2020: New Arrivals at IAR Ketapang

Baby Batis is just one of the new arrivals at IAR Ketapang in Borneo.

Text by Orangutan Outreach and IAR

The Covid-19 coronavirus is still spreading across Indonesia at an alarming rate, but we are doing everything we can to make sure the orangutans in the rescue centers are kept safe. We're posting new information on our website and social media as the situation develops.

While it is not yet known if the virus is transmittable to orangutans, we are assuming it is since they share 97% of our DNA and are susceptible to many human illnesses including TB and hepatitis. What we do know is that the number of orphaned and displaced orangutans coming into the rescue centers continues to rise during the pandemic— and they need to be cared for. There has been a spike in the number of infants coming in, which points to a devastated local economy and people desperate to make ends meet...

The IAR orangutan team has had a busy 2020. Many orangutans have been rescued, with some being immediately translocated, and some being taken to the Ketapang Orangutan Care Center. Since the start of the pandemic in March, IAR saved seven orangutans. Some of the orangutans rescued in 2020 have been treated and released, while others will require the care of IAR for many years, or even a lifetime. Here we highlight just a few of the orangutans who have come into IAR's care this year.


On April 17th, Batis arrived at the IAR Ketapang center. The little male orangutan had been kept for three months by a man who claimed he had found the baby alone on the edge of the forest and decided to take the baby home with him. Batis was put in a tiny  wooden cage and fed rice, papaya and sugar cane, with coffee and water to drink. Upon rescue, it was noted that Batis was about six months old and in relatively good condition. He wasn’t displaying any abnormal symptoms or dehydration. He was placed in quarantine at the IAR center for eight weeks, after which, his rehabilitation journey could begin.


Infant Covita was handed over to authorities on August 29. According to the man keeping her, he had found her while working in the forest. He said she was suffering from an injury to her right leg. He took her home where he kept her chained up. Covita was fed rice, cashew nuts, sugary water and sweet condensed milk. Covita’s rescue was triggered when a local villager who knew it was illegal to keep an orangutan as a pet heard about the infant. He urged her ‘owner’ to surrender her to the authorities.

Covita is estimated to be about 2.5 years old. Upon arrival to the IAR center, it was noted that she had a number of lumps on her right thigh bone which are probably the result of the injury she sustained when she was found in the forest. Covita was also suffering from a skin disease which was causing some of her skin to peel off and the hair on her legs and back to fall out. Covita was kept in quarantine for eight weeks before being introduced to other orangutans at the centre.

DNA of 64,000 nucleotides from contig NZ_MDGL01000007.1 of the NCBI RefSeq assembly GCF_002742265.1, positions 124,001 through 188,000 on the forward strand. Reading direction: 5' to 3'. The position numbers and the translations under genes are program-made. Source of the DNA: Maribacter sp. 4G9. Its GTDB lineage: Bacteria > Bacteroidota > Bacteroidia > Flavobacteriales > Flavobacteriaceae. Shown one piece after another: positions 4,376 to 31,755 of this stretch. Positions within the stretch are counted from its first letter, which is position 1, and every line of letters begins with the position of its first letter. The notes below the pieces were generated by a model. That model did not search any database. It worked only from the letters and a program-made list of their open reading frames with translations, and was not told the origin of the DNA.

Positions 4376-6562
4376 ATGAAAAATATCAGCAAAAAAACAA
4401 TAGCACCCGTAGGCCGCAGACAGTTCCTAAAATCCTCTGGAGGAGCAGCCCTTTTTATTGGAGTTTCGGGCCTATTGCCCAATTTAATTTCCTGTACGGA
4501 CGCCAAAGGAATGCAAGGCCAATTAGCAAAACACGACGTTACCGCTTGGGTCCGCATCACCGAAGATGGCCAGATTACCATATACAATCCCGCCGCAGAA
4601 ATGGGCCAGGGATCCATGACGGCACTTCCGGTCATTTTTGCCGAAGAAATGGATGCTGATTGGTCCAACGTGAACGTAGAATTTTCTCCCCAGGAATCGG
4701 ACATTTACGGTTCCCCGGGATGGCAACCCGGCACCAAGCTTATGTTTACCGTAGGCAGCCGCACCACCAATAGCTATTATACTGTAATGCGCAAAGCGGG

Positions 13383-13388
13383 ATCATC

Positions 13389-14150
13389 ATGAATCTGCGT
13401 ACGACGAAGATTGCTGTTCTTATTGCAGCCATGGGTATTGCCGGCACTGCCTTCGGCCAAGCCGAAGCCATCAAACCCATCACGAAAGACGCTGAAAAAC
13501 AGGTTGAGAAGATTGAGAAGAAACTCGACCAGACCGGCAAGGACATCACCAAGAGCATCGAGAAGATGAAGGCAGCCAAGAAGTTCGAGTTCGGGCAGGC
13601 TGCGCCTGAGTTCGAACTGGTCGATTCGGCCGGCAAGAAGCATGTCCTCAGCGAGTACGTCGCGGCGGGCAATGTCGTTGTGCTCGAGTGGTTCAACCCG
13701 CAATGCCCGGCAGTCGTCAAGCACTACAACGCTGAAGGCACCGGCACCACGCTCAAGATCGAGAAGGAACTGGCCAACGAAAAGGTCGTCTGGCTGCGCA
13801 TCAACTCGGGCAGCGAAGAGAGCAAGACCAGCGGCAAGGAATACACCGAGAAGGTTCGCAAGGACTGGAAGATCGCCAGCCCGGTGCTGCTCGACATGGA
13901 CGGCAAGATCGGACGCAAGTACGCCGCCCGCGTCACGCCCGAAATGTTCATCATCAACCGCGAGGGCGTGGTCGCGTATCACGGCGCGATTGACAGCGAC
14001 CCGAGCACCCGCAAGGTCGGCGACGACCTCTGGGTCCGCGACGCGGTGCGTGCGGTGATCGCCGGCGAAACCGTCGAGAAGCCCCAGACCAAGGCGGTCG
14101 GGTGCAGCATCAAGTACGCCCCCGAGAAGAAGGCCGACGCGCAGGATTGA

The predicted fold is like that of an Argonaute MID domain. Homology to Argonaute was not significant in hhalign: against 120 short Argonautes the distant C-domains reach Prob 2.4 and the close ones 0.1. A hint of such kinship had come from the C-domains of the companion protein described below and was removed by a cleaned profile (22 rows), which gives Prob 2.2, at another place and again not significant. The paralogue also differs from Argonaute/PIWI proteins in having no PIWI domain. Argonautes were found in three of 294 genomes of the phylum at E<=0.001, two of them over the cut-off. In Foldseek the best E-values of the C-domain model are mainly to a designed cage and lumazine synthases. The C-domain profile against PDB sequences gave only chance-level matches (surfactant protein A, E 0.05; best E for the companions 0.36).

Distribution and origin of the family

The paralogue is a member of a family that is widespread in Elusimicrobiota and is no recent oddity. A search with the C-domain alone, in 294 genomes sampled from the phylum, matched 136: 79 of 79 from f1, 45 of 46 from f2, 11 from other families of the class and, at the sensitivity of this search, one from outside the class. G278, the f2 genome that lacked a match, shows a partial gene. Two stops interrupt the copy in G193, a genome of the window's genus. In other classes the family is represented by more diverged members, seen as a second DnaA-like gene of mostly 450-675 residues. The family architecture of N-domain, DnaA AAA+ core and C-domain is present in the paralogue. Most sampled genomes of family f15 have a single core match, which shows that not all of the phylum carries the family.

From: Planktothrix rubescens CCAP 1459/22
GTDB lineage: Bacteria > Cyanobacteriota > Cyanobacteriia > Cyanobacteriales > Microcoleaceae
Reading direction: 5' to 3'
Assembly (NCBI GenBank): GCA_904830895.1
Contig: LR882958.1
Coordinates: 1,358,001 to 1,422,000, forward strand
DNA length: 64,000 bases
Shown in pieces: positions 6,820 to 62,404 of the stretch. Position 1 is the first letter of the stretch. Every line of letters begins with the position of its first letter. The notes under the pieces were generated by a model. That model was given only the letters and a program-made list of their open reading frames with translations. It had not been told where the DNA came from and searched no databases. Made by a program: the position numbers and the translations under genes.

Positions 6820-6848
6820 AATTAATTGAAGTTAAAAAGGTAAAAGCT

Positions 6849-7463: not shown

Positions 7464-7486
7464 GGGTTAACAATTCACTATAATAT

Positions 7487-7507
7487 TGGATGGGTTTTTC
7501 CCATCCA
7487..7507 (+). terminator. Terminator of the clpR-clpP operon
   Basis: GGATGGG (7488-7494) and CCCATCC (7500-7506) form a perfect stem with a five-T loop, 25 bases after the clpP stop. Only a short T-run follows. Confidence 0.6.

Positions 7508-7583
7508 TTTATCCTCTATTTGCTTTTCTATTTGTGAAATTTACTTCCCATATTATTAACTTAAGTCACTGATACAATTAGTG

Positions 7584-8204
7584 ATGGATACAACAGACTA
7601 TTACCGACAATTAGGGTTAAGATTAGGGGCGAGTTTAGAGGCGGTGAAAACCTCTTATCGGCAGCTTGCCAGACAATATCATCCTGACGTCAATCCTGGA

Samson and Boboy

In August, two large male orangutans were rescued after spending years in small, barren cages in Central Java. Their existence had been verified back in October 2019. Samson and Boboy were recovered from different private locations where they had been kept for years in captivity after being caught from the wild. They were transported via ferry from Tanung Emas Port in Semarang and arrived safely at the IAR Ketapang center the following day.

Samson and Boboy are both estimated to be 20 years old. They have undergone complete medical examinations and spent two months in quarantine. They are being kept under close observation as both orangutans showed signs of malnutrition which had resulted in stunted growth and susceptibility to various diseases. If any orangutans have a disease or permanent disability as a result of poor care during their years in captivity, they will never be able to return to their natural habitat. They will have to live in IAR sanctuary care for the rest of their lives.


Kukur was rescued in October. He was being kept in a hut in the middle of the woods and lived together with a family and their other domesticated animals such as dogs, pigs, and chickens. The ‘owner’ claimed to have found Kukur in the forest while he was farming. He said he felt sorry for the orangutan and so brought him home and kept him as a pet. He kept him tied up by a rope around his neck and fed him on rice and other human food like instant noodles, fruit, and coffee.

The rescue team found old wounds on Kukur's neck and ankles. The vet estimated Kukur to be five years old. At the IAR Indonesia center, Kukur went through an eight-week quarantine period during which he underwent thorough medical examinations to ensure that he wasn’t harboring any diseases that could be transmitted to other orangutans at the centre.

Kukur will be joining the Orangutan Outreach adoption program in 2021!

The economic impact of the Covid-19 pandemic on the local community surrounding the IAR Ketapang center has been significant. The negative impact on the economy has brought a renewed threat to nature, including to the precious orangutans. People have been severely affected by the lack of jobs and income, causing them to return to illegal activities that are damaging to wildlife and the natural environment, such as poaching, illegal mining and illegal logging. We appreciate your continued support as we work to protect the orangutans and their forest home.

The Orangutans at IAR Ketapang Need Your Help!

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